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Home Brew Forums > Home Brewing Beer > DIY Projects > Going to build a MLT. What to use for sparging?

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Old 04-30-2012, 02:00 PM   #11
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+1. Your goal is just to not disturb the grain bed. You don't want to creat a channel for water to drain without filtering through the grain. By sparge time there's a top blanket of water. I place a piece of Tin foil on top of the water and with my pitcher pour on top of the foil. I'm no pro (far from it) but when I asked the guru at my homebrew store your same question he said there's no need for a fly spargeing if not commercially brewing. I guess based on prior post it's not necessary there either.
Right, more or less. In a smaller commercial system, let's say Nano sized, which is how I learned it (in 1989 Bell's was brewing on a 1bbl brewhouse) you can use a food grade hose to get the water in. We had a bucket to run off into, would get a certain volume out as we ran water of the top. Once we had runoff X amount, we filled the MLT to the top with sparge water and let it go. I have done a similar technique on larger systems that use spray balls or rotating arms to sparge. Once a predetermined amount of runoff (depending on MLT capacity) was reached.. maybe 10% of total runoff volume... I would turn the flow rate up on the sparge, getting the rest of the water in the mlt in a matter of a couple minutes. Then let gravity do it's thing. One less thing to worry about!


OH! The tin foil thing is a great idea to keep the grain from getting disturbed at all. I Generally pour mine over a spoon, but your method is even less work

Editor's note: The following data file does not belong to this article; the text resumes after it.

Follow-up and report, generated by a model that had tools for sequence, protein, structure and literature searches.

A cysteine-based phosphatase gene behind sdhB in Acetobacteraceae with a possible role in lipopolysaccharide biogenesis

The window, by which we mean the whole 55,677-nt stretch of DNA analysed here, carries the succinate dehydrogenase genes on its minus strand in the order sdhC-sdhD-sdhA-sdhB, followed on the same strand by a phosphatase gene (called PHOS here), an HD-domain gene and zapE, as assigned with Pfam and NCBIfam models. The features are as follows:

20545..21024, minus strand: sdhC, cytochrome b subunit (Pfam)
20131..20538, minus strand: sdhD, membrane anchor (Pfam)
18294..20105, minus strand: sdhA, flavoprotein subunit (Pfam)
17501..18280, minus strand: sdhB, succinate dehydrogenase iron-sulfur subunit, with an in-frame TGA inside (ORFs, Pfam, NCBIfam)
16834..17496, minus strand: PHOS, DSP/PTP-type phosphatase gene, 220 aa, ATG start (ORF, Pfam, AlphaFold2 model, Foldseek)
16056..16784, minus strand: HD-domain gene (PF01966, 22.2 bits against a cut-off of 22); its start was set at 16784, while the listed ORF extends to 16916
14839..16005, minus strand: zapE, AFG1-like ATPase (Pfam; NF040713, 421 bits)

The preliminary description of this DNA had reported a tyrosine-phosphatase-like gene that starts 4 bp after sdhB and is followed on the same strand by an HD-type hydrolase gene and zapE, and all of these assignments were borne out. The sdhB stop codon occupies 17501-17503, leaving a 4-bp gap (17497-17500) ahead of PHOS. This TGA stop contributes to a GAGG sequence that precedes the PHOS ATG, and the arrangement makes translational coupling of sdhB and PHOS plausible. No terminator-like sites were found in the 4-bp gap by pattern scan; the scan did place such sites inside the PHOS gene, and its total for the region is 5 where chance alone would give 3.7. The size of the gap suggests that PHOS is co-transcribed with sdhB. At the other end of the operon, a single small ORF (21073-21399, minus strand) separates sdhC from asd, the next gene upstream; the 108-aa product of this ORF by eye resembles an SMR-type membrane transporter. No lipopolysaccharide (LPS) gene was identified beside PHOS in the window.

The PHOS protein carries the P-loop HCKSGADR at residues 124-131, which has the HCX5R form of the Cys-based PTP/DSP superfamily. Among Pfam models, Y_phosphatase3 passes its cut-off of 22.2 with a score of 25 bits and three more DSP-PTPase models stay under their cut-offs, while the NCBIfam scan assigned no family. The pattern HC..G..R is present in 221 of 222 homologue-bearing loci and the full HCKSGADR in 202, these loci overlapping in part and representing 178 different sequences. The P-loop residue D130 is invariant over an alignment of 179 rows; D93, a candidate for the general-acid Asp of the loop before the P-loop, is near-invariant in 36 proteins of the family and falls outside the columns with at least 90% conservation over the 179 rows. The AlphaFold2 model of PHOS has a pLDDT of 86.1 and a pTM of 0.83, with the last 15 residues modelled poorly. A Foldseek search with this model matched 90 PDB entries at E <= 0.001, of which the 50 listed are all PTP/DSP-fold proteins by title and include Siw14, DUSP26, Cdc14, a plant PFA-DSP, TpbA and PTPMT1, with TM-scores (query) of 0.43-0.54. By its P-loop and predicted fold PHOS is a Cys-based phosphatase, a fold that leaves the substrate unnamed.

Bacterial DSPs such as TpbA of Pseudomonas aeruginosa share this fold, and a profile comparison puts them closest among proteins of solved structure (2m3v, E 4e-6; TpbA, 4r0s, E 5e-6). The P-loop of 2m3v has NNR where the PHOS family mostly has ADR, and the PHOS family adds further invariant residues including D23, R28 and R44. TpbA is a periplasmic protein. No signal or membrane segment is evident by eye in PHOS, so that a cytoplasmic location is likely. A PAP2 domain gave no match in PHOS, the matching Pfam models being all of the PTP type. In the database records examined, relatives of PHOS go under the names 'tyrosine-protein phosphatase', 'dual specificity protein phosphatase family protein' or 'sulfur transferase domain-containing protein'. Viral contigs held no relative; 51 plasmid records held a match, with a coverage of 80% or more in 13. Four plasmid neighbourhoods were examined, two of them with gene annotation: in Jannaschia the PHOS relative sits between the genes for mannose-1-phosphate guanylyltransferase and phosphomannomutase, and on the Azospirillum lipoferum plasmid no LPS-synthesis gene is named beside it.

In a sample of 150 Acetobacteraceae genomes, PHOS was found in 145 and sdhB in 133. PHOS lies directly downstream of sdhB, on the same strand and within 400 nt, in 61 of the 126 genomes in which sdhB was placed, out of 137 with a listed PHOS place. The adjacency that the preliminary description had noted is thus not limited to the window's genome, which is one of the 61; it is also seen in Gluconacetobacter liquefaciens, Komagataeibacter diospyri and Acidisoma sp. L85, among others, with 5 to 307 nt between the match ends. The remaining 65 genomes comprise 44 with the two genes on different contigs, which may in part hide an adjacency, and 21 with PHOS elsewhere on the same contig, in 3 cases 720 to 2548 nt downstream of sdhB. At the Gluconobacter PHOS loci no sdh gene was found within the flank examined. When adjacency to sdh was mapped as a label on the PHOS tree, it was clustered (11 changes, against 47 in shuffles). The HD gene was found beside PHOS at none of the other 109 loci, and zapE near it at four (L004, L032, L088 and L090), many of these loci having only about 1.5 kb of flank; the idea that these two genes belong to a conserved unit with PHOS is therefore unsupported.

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Old 04-30-2012, 02:19 PM   #12
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I don't know exactly what you mean by "traditional situation" but I assume you mean continuous sparging. I just observed that someone asked a question that skipped over some important info and the half dozen follow-up answers continued to ignore that important info. If he's putting a small braid in the bottom of the cooler, I'd lead him to batch sparging which REALLY doesn't need any fancy sparge delivery method. If he'd go with a manifold or false bottom, then we talk about fly sparging and all that goes with that.

It's the same conversation that should be had when someone asks "what kind of mashtun should I build?" and similar. It's more important to understand some of the fundamentals of all grain brewing before you can really go there. I understand it's probably easier to just ask ONE person how to do it because then you'd probably get one answer.

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Old 04-30-2012, 03:24 PM   #13
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I don't know exactly what you mean by "traditional situation" but I assume you mean continuous sparging. I just observed that someone asked a question that skipped over some important info and the half dozen follow-up answers continued to ignore that important info. If he's putting a small braid in the bottom of the cooler, I'd lead him to batch sparging which REALLY doesn't need any fancy sparge delivery method. If he'd go with a manifold or false bottom, then we talk about fly sparging and all that goes with that.